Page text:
The Covid-19 pandemic has dealt Black-owned businesses a tough hand. Stifled by stay-at-home orders, on-again off-again store closures and stricter limits occupancy limits, many businesses are struggling to outlast the seemingly unending virus outbreak.
Although they’ve rebounded slightly in recent months, Black-owned stores have experienced the greatest decline this year, plummeting from 1.1 million businesses in February to 640,000 in April—a 41% drop.
But spurred by a national movement to support Black businesses, which kicked off this summer, a new number of corporations are taking small steps to put the Black in Black Friday.
Black Friday online sales pulled in a record $7.4 billion in 2019— the second largest online shopping day ever and a 19.6% increase over the previous year—while the holiday season overall generated more than $72 billion in online sales, according to Adobe Analytics. Online sales for this Black Friday are projected to generate $10.3 billion.
The surge in digital spending over the holiday season and the heightened visibility that’s been awarded to small businesses through corporate sponsorships could have a considerable impact on Black businesses in particular, sustaining them through the a few more months of the pandemic.
Facebook, for one, launched its #BuyBlackFriday initiative and a corresponding toolkit and gift guide in October as part of a broader three-month campaign to buttress small businesses during the holiday season.
The gift guide features products from Black-owned businesses and was curated alongside the U.S. Black Chambers and several corporate partners.
“Black-owned businesses have been hit especially hard by the pandemic, closing at twice the rate of other small businesses,” Facebook COO Sheryl Sandberg wrote in a blog post announcing the initiative. She added, “But we know that millions of people want to help.”
The campaign runs through Black Friday on November 27, a symbolic starting gun for the holiday shopping season.
More recently, Google partnered with Grammy-winning musician Wyclef Jean and the U.S. Black Chambers to promote its #BlackOwnedFriday campaign, an effort to make November 27 “Black-owned Friday” and galvanize shoppers to buy Black beyond the Thanksgiving weekend.
The tech giant has also showcased Black-owed businesses on its social platforms since mid-October and now allows users to find nearby stores that identify as Black-owned through its search engine.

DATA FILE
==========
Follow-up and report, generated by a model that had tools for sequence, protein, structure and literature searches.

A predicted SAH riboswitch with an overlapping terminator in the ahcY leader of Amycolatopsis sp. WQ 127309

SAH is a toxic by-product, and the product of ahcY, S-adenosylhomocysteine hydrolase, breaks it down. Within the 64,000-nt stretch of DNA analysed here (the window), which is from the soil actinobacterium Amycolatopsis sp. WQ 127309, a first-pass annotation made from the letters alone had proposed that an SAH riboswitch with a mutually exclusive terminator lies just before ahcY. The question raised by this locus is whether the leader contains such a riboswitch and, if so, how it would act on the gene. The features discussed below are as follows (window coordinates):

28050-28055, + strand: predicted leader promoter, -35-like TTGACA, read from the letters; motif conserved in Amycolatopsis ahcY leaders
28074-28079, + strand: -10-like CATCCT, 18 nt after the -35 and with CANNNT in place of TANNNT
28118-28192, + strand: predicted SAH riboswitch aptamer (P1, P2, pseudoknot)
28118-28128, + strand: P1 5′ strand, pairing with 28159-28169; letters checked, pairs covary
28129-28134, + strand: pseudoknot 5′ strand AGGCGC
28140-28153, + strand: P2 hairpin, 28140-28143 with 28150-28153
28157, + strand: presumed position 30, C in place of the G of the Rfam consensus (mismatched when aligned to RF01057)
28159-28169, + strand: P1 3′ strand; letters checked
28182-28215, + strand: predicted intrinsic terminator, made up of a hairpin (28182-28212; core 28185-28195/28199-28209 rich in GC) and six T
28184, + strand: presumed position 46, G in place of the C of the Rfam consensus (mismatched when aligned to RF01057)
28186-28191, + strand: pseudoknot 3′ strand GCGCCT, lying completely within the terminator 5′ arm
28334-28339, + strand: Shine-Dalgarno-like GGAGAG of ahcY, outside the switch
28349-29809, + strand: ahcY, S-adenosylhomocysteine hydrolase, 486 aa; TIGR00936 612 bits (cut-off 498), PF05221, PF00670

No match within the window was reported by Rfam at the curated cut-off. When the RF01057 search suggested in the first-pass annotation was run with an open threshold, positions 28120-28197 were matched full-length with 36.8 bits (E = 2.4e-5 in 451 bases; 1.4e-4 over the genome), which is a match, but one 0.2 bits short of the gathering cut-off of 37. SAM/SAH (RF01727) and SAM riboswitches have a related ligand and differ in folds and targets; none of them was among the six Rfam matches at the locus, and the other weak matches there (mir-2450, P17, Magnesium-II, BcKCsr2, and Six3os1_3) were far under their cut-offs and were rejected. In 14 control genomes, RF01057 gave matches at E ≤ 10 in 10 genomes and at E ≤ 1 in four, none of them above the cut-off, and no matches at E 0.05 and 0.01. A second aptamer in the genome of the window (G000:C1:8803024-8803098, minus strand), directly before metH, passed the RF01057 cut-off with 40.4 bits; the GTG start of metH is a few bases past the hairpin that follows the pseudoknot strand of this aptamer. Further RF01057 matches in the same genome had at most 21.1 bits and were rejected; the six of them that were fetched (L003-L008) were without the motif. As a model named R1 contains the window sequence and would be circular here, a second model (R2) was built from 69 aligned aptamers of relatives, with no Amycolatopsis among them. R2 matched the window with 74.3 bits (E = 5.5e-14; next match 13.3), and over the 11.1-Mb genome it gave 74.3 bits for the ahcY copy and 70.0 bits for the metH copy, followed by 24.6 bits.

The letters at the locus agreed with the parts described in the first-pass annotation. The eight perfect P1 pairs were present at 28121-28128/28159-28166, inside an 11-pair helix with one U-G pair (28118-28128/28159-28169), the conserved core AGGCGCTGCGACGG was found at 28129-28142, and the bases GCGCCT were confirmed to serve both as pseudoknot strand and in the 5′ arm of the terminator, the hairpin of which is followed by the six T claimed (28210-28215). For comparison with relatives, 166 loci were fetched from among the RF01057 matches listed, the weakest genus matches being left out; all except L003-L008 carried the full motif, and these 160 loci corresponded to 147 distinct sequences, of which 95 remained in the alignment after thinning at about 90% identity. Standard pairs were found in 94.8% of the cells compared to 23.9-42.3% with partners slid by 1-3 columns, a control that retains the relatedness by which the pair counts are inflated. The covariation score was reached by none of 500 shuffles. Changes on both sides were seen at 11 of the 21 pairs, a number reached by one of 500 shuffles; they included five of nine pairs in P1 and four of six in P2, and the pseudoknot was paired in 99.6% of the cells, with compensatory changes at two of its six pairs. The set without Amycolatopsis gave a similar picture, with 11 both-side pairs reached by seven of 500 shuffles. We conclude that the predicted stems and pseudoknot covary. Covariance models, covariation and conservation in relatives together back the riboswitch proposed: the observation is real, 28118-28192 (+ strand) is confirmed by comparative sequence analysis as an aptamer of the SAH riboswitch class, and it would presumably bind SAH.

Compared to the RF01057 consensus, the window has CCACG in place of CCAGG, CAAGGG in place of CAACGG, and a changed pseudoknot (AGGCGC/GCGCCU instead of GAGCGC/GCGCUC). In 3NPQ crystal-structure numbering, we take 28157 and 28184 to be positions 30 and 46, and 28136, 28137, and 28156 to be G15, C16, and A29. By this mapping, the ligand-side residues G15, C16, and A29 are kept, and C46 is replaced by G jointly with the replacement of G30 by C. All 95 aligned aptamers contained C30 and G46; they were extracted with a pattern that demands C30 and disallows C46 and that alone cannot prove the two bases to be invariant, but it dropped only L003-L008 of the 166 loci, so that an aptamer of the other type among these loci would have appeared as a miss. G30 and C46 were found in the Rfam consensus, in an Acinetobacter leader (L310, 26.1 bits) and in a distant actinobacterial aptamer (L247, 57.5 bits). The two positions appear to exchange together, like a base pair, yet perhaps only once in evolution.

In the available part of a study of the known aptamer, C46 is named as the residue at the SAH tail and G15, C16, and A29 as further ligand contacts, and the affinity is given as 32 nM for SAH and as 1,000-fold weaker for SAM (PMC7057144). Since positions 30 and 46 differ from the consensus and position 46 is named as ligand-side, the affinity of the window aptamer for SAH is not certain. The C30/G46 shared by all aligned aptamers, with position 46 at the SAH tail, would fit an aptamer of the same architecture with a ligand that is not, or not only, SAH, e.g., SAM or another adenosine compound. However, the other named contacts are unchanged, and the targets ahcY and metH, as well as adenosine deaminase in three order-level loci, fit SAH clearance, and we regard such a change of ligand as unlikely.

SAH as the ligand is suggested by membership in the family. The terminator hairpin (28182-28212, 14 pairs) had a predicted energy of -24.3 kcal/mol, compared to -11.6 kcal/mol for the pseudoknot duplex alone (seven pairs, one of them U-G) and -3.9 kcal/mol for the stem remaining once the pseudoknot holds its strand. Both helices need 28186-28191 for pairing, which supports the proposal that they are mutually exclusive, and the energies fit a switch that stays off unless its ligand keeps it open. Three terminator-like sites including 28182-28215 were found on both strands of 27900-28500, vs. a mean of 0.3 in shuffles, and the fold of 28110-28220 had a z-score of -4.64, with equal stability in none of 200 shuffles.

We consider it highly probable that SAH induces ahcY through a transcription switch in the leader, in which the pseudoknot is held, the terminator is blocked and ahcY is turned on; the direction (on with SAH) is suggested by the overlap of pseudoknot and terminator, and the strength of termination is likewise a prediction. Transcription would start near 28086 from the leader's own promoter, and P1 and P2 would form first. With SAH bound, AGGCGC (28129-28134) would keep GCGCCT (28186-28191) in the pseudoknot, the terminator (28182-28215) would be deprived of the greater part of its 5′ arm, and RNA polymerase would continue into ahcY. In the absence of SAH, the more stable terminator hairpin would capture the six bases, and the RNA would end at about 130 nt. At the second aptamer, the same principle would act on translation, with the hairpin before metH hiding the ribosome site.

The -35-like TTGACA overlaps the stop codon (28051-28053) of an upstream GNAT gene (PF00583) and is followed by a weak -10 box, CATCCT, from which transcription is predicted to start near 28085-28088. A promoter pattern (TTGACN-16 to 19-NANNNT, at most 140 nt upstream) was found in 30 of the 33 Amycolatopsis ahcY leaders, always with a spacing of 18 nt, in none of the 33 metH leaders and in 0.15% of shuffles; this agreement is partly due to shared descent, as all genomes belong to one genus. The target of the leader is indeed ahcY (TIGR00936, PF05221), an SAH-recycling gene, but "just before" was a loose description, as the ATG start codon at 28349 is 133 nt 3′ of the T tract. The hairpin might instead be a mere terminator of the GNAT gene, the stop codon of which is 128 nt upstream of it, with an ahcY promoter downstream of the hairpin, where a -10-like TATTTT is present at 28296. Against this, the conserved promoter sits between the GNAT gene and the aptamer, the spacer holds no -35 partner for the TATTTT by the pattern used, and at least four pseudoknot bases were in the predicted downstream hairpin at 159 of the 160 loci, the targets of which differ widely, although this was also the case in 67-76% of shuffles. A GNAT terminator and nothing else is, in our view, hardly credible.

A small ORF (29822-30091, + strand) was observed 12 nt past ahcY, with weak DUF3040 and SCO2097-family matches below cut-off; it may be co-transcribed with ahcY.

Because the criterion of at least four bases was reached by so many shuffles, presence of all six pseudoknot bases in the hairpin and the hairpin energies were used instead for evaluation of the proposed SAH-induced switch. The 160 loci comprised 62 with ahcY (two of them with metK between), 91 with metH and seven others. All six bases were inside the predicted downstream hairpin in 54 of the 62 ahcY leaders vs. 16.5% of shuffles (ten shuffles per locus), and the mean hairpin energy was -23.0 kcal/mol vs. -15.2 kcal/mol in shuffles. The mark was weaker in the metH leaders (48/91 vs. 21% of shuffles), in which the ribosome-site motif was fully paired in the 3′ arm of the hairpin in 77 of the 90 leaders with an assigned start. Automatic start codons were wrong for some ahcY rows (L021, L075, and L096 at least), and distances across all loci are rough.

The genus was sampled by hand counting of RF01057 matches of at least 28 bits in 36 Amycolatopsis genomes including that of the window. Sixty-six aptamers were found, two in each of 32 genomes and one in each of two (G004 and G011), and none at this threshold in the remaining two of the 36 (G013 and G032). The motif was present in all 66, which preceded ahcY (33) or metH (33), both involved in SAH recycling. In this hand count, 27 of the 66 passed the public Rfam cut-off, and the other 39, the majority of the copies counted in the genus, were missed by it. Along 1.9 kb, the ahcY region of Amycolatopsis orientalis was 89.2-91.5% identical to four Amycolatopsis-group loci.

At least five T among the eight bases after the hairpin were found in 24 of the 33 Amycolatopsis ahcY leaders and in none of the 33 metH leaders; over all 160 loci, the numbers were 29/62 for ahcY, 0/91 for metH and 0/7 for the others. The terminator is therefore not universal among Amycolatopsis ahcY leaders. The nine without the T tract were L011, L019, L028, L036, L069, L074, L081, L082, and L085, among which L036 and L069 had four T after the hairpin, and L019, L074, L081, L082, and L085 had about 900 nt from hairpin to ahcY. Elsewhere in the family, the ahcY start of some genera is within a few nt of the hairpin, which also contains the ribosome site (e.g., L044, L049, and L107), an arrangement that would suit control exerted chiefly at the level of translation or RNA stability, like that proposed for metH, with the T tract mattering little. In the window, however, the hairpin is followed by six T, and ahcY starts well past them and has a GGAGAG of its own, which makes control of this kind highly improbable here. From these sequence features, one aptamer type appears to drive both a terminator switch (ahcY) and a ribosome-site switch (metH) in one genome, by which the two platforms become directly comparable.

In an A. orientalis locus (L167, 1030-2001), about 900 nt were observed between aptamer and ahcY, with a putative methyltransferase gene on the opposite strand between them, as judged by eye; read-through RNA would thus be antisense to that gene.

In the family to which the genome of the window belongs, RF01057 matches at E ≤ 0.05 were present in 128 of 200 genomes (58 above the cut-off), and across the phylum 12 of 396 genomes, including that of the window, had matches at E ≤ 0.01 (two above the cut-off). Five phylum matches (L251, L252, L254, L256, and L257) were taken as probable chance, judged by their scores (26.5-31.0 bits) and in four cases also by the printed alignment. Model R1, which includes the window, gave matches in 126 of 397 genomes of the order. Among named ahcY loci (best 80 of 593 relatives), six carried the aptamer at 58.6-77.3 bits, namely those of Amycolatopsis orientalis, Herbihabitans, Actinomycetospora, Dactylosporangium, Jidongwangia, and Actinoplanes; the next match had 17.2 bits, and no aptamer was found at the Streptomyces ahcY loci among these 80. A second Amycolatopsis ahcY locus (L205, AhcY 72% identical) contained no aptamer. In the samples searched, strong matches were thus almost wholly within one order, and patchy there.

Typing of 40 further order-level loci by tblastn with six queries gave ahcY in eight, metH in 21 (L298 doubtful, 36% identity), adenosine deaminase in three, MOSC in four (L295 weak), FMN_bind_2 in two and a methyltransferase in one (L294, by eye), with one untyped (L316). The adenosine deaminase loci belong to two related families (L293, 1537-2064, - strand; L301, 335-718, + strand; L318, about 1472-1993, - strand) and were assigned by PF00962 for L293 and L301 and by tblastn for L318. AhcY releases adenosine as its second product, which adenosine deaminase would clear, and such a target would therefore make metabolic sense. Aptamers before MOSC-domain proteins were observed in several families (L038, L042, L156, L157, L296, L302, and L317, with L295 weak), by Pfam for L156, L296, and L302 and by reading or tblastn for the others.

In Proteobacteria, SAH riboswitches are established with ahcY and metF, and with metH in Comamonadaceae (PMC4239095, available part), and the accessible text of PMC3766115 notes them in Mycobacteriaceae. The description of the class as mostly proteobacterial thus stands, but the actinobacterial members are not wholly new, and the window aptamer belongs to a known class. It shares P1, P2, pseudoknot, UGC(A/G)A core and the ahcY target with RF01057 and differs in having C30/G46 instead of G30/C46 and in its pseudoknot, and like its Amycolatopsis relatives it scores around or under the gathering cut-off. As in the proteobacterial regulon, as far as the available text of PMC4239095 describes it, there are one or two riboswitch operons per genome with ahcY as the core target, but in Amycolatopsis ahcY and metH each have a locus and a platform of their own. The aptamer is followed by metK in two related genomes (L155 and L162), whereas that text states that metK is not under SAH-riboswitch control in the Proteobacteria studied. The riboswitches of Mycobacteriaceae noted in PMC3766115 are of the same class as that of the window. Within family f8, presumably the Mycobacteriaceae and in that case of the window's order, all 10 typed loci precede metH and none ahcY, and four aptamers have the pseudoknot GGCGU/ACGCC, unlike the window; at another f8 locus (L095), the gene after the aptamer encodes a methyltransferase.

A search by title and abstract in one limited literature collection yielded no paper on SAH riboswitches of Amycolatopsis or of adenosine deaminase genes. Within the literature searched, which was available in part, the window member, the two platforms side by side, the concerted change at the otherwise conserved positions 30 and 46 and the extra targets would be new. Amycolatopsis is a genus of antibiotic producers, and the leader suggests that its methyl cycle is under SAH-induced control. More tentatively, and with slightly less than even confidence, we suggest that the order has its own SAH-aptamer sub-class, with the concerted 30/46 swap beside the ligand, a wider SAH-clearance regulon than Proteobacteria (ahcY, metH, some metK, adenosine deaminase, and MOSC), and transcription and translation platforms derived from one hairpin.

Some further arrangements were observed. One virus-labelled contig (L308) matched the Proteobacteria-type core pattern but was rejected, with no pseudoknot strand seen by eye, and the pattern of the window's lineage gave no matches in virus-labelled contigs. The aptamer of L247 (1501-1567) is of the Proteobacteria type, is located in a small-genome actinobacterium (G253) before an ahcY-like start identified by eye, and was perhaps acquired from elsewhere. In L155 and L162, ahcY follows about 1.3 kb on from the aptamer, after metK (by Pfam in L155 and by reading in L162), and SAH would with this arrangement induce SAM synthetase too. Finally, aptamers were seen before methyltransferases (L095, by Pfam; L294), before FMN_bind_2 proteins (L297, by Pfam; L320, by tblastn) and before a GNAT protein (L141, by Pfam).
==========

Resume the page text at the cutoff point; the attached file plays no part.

“I’ve seen firsthand the strain and struggle that Black-owned businesses face,” Jean said in a statement. “For many of them, this holiday season will be critical to their survival.”
TikTok, the latest viral social media platform, threw its weight behind Black-owned businesses months after facing censorship allegations from Black creatives in June. Earlier this month, the video sharing platform, which has about 200 million monthly active users in the U.S., launched Support Black Businesses, a digital hub to amplify Black entrepreneurs.
TikTok also announced #ShopBlack, an in-app campaign that allows users to create videos spotlighting their favorite Black-owned businesses or to share their experience as a Black entrepreneur.
As small businesses reel from the pandemic’s economic disruption, many big retailers have had breakaway growth. Amazon’s profits and sales exceeded analysts’ expectations, reporting a 37% sales growth and tripling its third-quarter profits as more shoppers turn to the e-commerce giant during the pandemic.
But celebrities and influencers alike have started to leverage Amazon’s omnipresence to highlight Black sellers on the platform. Nearly 70% of the products on Oprah Winfrey’s highly anticipated annual list of her favorite things are created by Black-owned or Black-led businesses this year and all are available for purchase on Amazon.
The billionaire media mogul has partnered with Amazon on the list since 2015 and her yearly picks have provided brands with considerable gains in sales since the list’s 1996 advent.
Black Americans have developed a growing presence among small businesses owners and could stand to gain considerable sales from dedicated shopping holidays like Small Business Saturday, which raked in an estimated $19.6 billion in 2019. And while physical distancing measures will significantly curb foot traffic this year, more than 112 million Americans visited a small business on that day last year, a record high.
As shoppers increasingly reject winding lines that snake around the store, a trend that’s long been in the making but was exacerbated by the pandemic, they’re also looking to support independent local businesses, providing a potential economic windfall for Black businesses with an online presence this holiday season.